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A type or technique of painting where the detail, lighting, and reflections are so accurate, they appear to be a photograph unless examined from up close. This movement began in America in the 1960s. The artist typically begins with one enlarged photograph of the subject (often a largely inorganic still-life) from which a detailed pencil drawing is made on canvas. Acrylic or oil paint is then applied detail by detail and will often take months to complete.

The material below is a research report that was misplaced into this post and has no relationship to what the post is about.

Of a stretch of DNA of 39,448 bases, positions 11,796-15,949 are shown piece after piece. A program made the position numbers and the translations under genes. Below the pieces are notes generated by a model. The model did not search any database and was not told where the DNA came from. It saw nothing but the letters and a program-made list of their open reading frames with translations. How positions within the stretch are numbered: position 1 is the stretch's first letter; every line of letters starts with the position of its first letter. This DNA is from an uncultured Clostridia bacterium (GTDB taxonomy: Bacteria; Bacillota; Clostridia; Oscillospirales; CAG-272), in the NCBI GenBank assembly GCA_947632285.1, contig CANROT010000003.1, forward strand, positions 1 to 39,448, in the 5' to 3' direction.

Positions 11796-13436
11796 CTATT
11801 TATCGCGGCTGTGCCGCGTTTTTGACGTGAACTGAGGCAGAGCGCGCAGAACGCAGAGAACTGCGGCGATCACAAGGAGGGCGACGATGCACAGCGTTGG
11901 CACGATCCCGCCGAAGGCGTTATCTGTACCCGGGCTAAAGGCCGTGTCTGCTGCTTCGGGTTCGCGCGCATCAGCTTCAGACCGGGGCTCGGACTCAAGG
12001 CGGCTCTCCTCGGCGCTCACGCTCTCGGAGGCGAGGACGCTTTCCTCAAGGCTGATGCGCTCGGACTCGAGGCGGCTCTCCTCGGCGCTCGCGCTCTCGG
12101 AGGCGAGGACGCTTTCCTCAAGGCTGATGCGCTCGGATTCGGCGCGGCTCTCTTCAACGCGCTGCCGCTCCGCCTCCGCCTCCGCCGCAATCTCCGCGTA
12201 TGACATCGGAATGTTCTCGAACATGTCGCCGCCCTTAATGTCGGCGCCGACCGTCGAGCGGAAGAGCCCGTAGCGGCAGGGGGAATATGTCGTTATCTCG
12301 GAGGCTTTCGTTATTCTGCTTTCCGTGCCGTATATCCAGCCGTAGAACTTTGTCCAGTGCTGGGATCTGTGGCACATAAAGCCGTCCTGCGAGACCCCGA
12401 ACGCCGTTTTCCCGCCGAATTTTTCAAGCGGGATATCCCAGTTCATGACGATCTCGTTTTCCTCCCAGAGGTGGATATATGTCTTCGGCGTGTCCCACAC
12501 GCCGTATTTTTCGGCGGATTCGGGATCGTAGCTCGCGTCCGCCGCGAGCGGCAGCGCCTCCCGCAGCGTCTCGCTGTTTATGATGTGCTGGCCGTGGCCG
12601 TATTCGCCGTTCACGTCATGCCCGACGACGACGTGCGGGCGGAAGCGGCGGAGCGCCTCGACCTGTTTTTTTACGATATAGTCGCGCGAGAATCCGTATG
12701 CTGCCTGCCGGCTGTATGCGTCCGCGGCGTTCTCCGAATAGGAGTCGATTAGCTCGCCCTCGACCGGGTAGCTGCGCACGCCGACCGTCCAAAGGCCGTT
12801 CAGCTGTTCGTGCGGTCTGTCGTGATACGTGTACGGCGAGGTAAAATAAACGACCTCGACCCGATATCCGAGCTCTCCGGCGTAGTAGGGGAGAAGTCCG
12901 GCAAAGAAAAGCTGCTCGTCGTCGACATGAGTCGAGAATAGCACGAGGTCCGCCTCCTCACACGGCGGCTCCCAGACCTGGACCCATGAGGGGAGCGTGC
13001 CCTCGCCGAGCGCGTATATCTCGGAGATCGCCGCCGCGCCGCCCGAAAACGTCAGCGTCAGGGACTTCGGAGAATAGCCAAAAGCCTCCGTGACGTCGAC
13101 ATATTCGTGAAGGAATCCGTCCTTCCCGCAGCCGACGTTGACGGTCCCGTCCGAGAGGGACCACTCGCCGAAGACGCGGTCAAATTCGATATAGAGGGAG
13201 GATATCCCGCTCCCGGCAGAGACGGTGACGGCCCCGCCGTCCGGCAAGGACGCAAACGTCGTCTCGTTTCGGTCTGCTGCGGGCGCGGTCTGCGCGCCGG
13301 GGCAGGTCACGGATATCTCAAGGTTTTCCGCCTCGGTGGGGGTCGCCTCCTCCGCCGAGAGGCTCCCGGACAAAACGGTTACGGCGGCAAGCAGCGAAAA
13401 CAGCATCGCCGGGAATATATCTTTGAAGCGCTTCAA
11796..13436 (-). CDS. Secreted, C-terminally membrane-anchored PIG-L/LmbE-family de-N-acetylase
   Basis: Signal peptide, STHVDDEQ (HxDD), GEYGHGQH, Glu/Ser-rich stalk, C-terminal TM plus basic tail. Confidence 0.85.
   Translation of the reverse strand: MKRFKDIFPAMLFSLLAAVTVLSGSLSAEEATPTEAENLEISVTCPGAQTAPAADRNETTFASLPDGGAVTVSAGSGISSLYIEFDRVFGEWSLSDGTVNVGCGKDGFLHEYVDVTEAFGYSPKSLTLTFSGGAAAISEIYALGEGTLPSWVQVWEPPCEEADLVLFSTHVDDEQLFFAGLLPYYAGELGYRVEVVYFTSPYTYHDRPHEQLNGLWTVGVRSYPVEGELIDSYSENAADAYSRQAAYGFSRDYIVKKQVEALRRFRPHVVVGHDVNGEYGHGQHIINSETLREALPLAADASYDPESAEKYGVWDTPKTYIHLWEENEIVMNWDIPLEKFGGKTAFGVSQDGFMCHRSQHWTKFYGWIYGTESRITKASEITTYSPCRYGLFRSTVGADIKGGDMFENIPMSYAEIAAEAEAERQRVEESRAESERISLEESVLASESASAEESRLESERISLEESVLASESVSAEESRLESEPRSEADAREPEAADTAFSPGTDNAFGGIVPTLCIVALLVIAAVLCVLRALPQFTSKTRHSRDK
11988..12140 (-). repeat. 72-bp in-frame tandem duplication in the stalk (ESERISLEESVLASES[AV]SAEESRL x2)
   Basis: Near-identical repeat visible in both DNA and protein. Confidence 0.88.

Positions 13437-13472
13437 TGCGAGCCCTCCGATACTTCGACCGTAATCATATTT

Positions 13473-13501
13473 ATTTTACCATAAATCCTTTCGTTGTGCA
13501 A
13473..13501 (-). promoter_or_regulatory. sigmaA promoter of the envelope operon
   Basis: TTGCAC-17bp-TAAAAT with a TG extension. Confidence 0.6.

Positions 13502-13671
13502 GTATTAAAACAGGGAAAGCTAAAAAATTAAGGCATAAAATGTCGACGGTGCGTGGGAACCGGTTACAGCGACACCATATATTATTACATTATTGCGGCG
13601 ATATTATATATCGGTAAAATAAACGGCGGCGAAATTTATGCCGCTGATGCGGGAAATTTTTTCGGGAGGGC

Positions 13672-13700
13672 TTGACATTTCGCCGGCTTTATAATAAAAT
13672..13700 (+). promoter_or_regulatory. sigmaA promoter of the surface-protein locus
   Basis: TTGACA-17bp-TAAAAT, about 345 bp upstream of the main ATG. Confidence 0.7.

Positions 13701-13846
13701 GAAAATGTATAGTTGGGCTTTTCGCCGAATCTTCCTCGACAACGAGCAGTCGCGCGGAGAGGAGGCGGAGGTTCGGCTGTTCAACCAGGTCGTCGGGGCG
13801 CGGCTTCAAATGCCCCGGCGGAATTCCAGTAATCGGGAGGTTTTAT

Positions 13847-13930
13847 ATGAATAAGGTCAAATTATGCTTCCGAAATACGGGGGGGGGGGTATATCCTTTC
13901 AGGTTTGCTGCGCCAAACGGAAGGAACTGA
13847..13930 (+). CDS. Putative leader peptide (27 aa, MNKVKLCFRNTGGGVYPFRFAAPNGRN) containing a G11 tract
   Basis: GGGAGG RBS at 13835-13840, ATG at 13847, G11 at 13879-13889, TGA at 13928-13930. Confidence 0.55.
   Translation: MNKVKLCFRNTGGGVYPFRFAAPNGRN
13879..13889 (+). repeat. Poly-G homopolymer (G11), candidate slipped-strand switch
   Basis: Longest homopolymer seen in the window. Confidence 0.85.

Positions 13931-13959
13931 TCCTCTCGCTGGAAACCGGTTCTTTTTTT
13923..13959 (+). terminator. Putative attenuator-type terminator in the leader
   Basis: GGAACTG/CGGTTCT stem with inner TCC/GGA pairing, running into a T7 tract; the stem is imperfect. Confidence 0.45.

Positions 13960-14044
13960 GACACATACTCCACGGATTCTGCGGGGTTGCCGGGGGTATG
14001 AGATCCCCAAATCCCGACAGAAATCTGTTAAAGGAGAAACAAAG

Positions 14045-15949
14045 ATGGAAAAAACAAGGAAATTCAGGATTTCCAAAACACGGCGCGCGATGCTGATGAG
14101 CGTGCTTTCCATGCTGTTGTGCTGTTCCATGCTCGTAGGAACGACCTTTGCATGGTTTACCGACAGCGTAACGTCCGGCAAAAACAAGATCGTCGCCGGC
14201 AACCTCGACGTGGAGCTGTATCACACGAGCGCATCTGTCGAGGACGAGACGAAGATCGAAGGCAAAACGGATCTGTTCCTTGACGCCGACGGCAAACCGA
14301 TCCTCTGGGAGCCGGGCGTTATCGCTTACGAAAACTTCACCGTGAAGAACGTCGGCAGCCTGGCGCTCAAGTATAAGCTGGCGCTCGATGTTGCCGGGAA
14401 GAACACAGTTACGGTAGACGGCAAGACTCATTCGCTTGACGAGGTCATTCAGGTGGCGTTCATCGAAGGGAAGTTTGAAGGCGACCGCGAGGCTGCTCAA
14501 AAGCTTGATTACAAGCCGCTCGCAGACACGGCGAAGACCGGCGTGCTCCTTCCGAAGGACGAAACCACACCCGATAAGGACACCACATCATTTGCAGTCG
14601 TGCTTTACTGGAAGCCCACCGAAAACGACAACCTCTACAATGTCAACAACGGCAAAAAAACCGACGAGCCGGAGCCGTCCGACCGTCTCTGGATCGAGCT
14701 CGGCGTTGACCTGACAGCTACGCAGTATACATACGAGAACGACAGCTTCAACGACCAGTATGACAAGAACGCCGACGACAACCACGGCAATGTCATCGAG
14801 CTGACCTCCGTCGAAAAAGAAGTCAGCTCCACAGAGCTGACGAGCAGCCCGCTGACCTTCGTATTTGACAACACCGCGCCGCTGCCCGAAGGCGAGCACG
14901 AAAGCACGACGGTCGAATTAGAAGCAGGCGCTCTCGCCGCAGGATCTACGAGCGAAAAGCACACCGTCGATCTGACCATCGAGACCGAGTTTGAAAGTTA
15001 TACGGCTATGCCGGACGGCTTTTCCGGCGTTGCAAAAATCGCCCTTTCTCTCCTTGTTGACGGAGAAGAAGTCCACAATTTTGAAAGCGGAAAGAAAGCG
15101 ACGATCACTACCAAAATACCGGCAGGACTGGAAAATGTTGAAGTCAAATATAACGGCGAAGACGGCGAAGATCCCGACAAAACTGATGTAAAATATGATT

Photorealist painters will usually stick with one or two types of subject matter. Popular types include:

Also, a type or technique of computer-generated imagery intended to achieve the same level of detail, accuracy and believability as a photograph.

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